January 28, 2015 11:10
Musical director Kim Hyun-jun says the hardest thing about putting on a stage performance about the suffering of women forced into sexual slavery in World War II is to calm the actresses, who often break down in tears while reading the script.
"A lot of foreign actresses end up being unable to control their emotions and we have to stop rehearsing," Kim said.
"It's been 70 years since World War II ended, but this just shows the strong emotions their suffering still elicits in everyone."
There are no crying scenes in the script Kim co-wrote with U.S. playwrights. "I didn't want it to be a tearjerker. I wanted to convey the truth objectively and leave it up to the audience to interpret on their own," he said.
The musical "Comfort Women," after the Japanese euphemism for the victims, will be performed at St. Clements Theater in New York for two weeks starting July 3.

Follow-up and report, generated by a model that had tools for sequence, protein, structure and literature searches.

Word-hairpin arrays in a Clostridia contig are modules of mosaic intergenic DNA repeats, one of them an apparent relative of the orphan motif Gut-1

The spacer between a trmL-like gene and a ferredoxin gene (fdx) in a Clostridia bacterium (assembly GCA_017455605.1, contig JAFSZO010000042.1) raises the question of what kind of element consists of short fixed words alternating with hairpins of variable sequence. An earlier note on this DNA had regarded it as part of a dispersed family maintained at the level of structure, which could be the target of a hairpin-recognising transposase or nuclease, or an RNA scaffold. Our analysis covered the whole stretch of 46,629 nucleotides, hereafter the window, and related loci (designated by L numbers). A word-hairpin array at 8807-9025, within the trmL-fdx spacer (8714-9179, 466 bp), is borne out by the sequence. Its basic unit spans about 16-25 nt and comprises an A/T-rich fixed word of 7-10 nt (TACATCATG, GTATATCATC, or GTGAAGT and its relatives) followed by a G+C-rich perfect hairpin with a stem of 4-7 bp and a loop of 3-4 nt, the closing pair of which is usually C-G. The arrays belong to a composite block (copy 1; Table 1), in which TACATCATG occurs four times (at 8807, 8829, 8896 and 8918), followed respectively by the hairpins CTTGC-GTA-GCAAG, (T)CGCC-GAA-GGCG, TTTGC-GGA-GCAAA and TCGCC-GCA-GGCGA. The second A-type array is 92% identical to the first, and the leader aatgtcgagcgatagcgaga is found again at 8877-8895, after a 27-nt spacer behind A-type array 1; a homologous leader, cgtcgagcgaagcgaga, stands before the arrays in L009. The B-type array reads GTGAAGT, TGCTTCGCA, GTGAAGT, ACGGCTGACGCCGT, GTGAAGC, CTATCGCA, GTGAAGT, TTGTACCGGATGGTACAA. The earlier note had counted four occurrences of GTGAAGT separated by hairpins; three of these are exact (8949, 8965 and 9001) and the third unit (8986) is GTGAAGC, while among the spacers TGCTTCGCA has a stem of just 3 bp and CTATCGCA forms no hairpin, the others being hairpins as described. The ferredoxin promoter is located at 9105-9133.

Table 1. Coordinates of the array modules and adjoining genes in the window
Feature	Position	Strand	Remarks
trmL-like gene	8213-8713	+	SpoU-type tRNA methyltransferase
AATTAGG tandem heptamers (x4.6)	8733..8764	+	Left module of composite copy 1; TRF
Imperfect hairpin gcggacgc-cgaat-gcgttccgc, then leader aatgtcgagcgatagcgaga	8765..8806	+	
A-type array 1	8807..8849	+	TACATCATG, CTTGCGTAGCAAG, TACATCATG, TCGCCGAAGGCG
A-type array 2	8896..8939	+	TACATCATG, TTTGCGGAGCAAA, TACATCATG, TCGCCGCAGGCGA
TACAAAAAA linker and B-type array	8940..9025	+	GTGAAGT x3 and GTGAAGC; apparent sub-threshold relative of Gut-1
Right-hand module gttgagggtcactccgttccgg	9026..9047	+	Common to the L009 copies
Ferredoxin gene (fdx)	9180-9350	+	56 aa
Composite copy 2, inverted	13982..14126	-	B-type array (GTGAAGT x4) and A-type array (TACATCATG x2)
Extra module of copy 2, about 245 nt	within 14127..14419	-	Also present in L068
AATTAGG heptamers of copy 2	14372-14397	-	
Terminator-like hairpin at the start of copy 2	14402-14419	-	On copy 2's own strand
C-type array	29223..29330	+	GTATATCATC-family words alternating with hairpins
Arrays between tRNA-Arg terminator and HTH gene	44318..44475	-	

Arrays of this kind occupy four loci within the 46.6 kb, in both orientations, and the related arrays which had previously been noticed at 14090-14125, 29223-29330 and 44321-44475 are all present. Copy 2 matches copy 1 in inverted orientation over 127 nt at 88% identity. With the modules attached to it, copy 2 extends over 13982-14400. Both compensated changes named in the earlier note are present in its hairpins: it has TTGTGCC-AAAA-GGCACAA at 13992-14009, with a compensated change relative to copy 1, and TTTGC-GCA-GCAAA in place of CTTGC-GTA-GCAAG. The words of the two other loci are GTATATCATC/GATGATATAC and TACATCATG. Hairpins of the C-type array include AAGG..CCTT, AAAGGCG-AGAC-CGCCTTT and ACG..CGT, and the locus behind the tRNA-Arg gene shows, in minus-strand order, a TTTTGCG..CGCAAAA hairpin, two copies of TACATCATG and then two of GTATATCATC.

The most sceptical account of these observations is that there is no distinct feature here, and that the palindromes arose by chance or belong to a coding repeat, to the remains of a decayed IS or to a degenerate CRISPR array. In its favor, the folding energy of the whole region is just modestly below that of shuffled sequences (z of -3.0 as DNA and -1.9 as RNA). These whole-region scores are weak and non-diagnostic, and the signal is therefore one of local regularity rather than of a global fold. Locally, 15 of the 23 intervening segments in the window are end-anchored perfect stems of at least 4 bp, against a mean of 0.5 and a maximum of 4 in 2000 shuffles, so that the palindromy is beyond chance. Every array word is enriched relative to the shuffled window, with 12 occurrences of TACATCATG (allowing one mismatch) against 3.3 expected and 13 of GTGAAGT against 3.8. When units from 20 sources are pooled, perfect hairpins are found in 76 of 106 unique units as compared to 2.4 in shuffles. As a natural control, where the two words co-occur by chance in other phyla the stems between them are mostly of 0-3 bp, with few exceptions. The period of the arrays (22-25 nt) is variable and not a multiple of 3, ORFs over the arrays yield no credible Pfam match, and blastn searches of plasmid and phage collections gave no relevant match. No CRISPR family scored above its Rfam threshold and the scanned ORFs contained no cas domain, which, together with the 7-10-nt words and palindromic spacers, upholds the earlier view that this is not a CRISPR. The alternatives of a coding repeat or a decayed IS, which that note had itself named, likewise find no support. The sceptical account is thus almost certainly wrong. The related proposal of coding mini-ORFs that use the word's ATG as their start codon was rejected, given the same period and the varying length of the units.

St. Clements is the biggest off-Broadway theater in New York City.
It has a cast of 46, including seven of Japanese descent. All of the performers are Asian Americans, except for one who plays the role of a Dutch sex slave.
A total of 688 people showed up for auditions last year.
Most of the performers said they were not aware of the existence of sex slaves, but they became experts in the subject as they prepared for their roles.
Kim, who graduated from high school in Seoul and is a senior at New York City College majoring in drama, is focusing on the upcoming musical while postponing his graduation. He has already directed around a dozen musicals and plays for his school projects, but this is his first off-Broadway production.
"I saw Japanese Prime Minister Shinzo Abe attempting to deny Japan's responsibilities for forcing women into sexual slavery since he came into office in late 2012 and wanted to show U.S. audiences the truth in the form of a musical," he says.
He spent two years polishing up the script. The US$50,000 used to produce the musical has been provided by 16 American sponsors.
Kim's dream is to stage "Comfort Women" on Broadway. "I want to make this into a musical of the best kind like "Lion King" or "Miss Saigon" by attracting more investors and improving the staging and special effects," he said.
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